This exhibition celebrates 150 years since the birth of Konstantin Fyodorovich Bogayevsky (1872–1943), one of the most prominent artists of Russia’s Silver Age. A pupil of Ivan Aivazovsky, Ivan Shishkin and Arkhip Kuindzhi, Bogayevsky graduated from the Imperial Academy of Arts in 1897, commencing his career at a crucial juncture in the history of Russian art. The ideas of Symbolism particularly intrigued the artist, which can be seen in his early works Old Crimea (1902), Desert. A Fairy Tale (1903), and After the Rain. Sea Shore (1903). In 1903, Bogayevsky was one of the co-founders of the New Society of Artists in St Petersburg, which also counted sculptors and architects as members. They moulded Neoclassicist principles, drawing their inspiration from Greek and Roman antiquity, the Early and High Renaissance, and Modern-era Classicism. These influences resonated with the worldview and artistic leanings of Bogayevsky, who worked in the genre of historical landscape.
Some of Konstantin Bogayevsky’s best works were in the Neoclassical style, having made significant contributions to the Russian art scene of the early 20th century with works such as Morning. Pink Gobelin, Classical Landscape, Remembering Mantegna, and Ships. Evening Sun. For years, Bogayevsky’s favourite subject was his native Crimea. Many of his paintings and graphic works depicting Crimean landscapes from the years 1900 to the 1920s are part of this exhibition. The influence of Bogayevsky’s favourite artist Andrea Mantegna is evident in many of these.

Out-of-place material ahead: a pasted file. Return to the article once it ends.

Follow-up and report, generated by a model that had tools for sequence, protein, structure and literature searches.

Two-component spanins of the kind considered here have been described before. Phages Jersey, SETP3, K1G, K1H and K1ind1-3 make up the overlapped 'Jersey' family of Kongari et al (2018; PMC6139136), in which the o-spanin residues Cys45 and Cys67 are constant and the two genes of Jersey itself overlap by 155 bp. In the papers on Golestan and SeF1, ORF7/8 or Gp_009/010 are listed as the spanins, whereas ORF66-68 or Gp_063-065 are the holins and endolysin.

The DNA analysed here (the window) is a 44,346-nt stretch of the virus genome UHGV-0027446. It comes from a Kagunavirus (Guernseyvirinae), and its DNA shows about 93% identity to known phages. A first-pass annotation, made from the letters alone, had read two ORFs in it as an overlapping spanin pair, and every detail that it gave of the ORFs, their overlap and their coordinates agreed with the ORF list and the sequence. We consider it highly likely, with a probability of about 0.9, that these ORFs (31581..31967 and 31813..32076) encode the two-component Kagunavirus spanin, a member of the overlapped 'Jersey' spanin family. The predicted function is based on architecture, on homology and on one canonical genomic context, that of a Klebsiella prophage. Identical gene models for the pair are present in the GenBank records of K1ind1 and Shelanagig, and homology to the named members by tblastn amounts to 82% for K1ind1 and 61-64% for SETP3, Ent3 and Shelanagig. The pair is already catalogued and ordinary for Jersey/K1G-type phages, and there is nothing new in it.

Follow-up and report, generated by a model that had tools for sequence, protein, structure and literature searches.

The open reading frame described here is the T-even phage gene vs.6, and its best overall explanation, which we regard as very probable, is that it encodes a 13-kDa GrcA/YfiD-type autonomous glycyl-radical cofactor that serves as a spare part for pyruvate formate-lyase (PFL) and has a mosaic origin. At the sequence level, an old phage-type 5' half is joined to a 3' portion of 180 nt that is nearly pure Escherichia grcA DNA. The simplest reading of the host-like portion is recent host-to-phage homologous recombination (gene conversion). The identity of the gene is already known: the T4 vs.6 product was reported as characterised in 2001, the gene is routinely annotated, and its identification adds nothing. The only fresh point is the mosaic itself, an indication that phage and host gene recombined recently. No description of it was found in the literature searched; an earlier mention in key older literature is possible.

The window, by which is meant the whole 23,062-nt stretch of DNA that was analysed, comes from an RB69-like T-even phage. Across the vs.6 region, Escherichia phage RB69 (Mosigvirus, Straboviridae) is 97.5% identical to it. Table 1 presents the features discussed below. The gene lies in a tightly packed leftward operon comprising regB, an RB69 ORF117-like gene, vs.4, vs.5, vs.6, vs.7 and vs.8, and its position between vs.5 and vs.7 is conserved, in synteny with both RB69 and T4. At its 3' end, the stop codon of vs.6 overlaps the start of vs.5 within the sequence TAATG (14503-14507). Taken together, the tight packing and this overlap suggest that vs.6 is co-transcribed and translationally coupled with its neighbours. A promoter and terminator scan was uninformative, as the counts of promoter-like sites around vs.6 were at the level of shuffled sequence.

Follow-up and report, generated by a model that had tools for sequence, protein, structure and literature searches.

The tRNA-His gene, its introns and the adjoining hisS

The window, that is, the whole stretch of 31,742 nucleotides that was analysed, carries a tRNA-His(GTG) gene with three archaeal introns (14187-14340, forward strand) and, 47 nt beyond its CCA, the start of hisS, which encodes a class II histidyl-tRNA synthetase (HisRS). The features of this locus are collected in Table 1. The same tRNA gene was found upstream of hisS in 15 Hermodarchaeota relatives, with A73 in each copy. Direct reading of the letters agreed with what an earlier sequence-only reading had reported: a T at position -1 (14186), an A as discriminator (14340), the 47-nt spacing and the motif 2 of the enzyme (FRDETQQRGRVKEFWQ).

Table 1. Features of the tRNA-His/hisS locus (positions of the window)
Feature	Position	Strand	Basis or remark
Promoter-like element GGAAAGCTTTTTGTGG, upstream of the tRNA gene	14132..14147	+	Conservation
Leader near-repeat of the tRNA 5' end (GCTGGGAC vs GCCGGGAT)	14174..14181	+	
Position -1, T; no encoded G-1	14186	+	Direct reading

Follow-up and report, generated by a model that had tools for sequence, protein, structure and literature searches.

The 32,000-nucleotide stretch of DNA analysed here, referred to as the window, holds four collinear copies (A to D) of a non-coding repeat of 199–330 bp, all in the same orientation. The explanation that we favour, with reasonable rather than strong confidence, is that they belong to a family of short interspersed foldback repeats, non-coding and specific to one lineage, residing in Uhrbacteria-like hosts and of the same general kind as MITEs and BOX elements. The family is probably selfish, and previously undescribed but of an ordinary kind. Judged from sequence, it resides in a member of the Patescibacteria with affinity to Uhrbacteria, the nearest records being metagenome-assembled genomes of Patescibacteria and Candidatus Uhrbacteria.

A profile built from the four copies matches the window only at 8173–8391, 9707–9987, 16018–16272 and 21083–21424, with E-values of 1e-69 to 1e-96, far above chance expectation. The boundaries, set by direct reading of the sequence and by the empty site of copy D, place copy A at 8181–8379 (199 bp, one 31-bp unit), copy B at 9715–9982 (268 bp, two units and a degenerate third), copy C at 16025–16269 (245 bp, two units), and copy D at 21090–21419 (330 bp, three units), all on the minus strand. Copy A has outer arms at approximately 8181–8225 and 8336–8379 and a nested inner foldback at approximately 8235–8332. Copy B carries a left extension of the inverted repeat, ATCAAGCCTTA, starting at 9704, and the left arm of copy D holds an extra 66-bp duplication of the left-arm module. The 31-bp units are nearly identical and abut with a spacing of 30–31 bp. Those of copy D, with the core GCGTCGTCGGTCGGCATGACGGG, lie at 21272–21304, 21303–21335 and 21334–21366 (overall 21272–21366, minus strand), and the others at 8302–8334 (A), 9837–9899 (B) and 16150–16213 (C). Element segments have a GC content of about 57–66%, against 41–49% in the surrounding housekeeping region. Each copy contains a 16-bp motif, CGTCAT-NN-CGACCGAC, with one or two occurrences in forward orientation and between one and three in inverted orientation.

The exhibition numbers some 50 paintings, watercolours, drawings and lithographic prints by Konstantin Bogayevsky from the collection of the Russian Museum and КGallery.
The exhibition is supported by Severstal, Dobrotasevera, Power Machines, Lenta, Nordgold, Sveza, Fun&Sun company, Scandinavia.
Leonid Kolibaba. Sculpture and Drawings
16 september 2022—23 january 2023
This exhibition will acquaint visitors with the work of Leonid Kolibaba, a renowned St. Petersburg-based sculptor, graphic artist and educator, and member of the Ozerki Artists’ Village informal art group.
16 june 2022—22 august 2022
The main goal of the exhibition is to present the local features of patchwork in numerous centers of folk art in Russia and to show the original creative style of individual masters of the 20th century. The exhibition introduces the viewer to the truly folk patchwork, which was developed not in creative units and clubs, but in the villages and small towns of Russia.
The collection of masterpieces, chosen by the Russian Museum will allow you to make a first impression of the collection of the Russian Museum.
Russian Museum - one of the world's largest museums and is perhaps the only country where such a full treasure of national culture are presented.
Virtual tour of the museum complex. 2009 (Rus., Eng., Ger., Fin.)
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